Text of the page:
“34. Payment of interest – When the amount of such compensation is not paid or deposited on or before taking possession of the land, the Collector shall pay the amount awarded with interest thereon at the rate of [nine per centum] per annum from the time of so taking possession until it shall have been so paid or deposited: [Provided that if such compensation or any part thereof is not paid or deposited within a period of one year from the date on which possession is taken, interest at the rate of fifteen per centum per annum shall be payable from the date of expiry of the said period of one year on the amount of compensation or part thereof which has not been paid or deposited before the date of such expiry.]”

13. Under section 34, nine percent interest is payable for the first year from the date of taking possession, and in case it is not paid within one year from the date of possession, the interest at the rate of fifteen percent per annum is payable.

14. In the present matter, interest has been awarded from the date of the award under section 34, not from the date of notification under section 4. It was submitted on behalf of the respondents that it was not claimed before the reference court that possession was deprived of in the year 1991. Compensation / Damages were not claimed from the year 1991 and the factum of submergence has been disputed.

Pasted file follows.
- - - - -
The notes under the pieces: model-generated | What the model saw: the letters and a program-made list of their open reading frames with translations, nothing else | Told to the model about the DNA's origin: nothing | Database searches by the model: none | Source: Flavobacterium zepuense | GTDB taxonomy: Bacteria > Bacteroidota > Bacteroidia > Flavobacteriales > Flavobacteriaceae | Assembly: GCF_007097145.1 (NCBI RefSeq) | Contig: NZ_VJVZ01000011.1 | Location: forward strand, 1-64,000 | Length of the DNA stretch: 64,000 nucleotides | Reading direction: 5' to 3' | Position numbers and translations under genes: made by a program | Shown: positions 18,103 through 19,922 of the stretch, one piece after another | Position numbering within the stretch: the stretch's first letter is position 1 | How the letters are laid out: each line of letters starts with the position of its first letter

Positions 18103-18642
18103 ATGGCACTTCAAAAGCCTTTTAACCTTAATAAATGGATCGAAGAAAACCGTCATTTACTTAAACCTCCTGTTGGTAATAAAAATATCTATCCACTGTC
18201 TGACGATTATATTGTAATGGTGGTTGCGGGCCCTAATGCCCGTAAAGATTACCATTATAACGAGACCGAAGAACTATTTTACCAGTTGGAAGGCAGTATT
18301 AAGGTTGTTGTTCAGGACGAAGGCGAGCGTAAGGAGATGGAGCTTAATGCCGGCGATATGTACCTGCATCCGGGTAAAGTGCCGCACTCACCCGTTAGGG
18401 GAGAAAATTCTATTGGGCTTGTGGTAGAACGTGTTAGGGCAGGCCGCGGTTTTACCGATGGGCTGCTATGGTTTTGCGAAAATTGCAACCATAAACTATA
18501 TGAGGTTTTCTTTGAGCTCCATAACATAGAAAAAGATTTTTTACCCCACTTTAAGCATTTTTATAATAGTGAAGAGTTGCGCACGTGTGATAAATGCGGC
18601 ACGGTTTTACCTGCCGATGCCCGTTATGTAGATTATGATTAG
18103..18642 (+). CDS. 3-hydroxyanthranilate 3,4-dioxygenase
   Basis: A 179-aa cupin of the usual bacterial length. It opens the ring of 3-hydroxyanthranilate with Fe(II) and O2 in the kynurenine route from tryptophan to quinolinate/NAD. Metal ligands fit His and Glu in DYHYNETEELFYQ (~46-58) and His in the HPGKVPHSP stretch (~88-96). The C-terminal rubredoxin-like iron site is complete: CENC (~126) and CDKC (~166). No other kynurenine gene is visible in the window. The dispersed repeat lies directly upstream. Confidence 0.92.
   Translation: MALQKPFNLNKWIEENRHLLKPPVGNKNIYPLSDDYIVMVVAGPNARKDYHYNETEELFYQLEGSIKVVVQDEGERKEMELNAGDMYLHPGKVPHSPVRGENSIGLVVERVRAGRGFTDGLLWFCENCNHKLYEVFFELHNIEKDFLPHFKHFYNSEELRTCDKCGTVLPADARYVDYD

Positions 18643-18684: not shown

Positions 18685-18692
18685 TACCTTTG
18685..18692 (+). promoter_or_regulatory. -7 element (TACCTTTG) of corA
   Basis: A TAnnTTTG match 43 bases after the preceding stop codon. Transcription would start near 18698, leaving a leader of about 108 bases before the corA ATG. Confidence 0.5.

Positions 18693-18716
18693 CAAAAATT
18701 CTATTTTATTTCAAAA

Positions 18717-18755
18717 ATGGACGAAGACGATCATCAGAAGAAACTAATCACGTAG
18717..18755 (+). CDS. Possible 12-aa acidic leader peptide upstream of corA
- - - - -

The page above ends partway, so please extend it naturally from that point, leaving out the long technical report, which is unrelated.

15. In the instant case, the date of taking of the possession/submergence is disputed, and there is no categorical finding recorded that area in question came under submergence with effect from the year 1991 and was not as a matter of fact in possession of the appellant. Certain documentary evidence has been pointed out, indicating that the land was in cultivating possession of the appellant. It is also not clear for how much period of a year the area in question remained in submergence. Certain documents have been filed by the appellant in this Court in the form of correspondence showing that certain survey numbers in various villages came under submergence, which was required to be acquired. The question is, which were those survey numbers that came under submergence has to be examined by the Collector. The claim of damages would depend upon the factum whether the land has come under submergence in the year 1991 for which adequate directions have been issued by the High Court to the Collector.

16. In these circumstances, we direct the Collector shall examine whether the area had come under submergence and shall determine the quantum of damages to be paid from 1991 till the date of notification under section 4. In case the area has come in submergence, then the appellant shall be entitled to the interest under Section 34 from the date of notification under Section 4 till award also. Interest under Section 34 at the most can follow from the date of notification under section 4, in case the area had come under submergence at any point of time before the notification was issued. The Collector shall determine the aforesaid aspect within six months after hearing the parties and the evidence as may be adduced. The appeal is accordingly disposed of .

……………….J. (Arun Mishra)

………………..J. (Indira Banerjee)

New Delhi;
January 21, 2020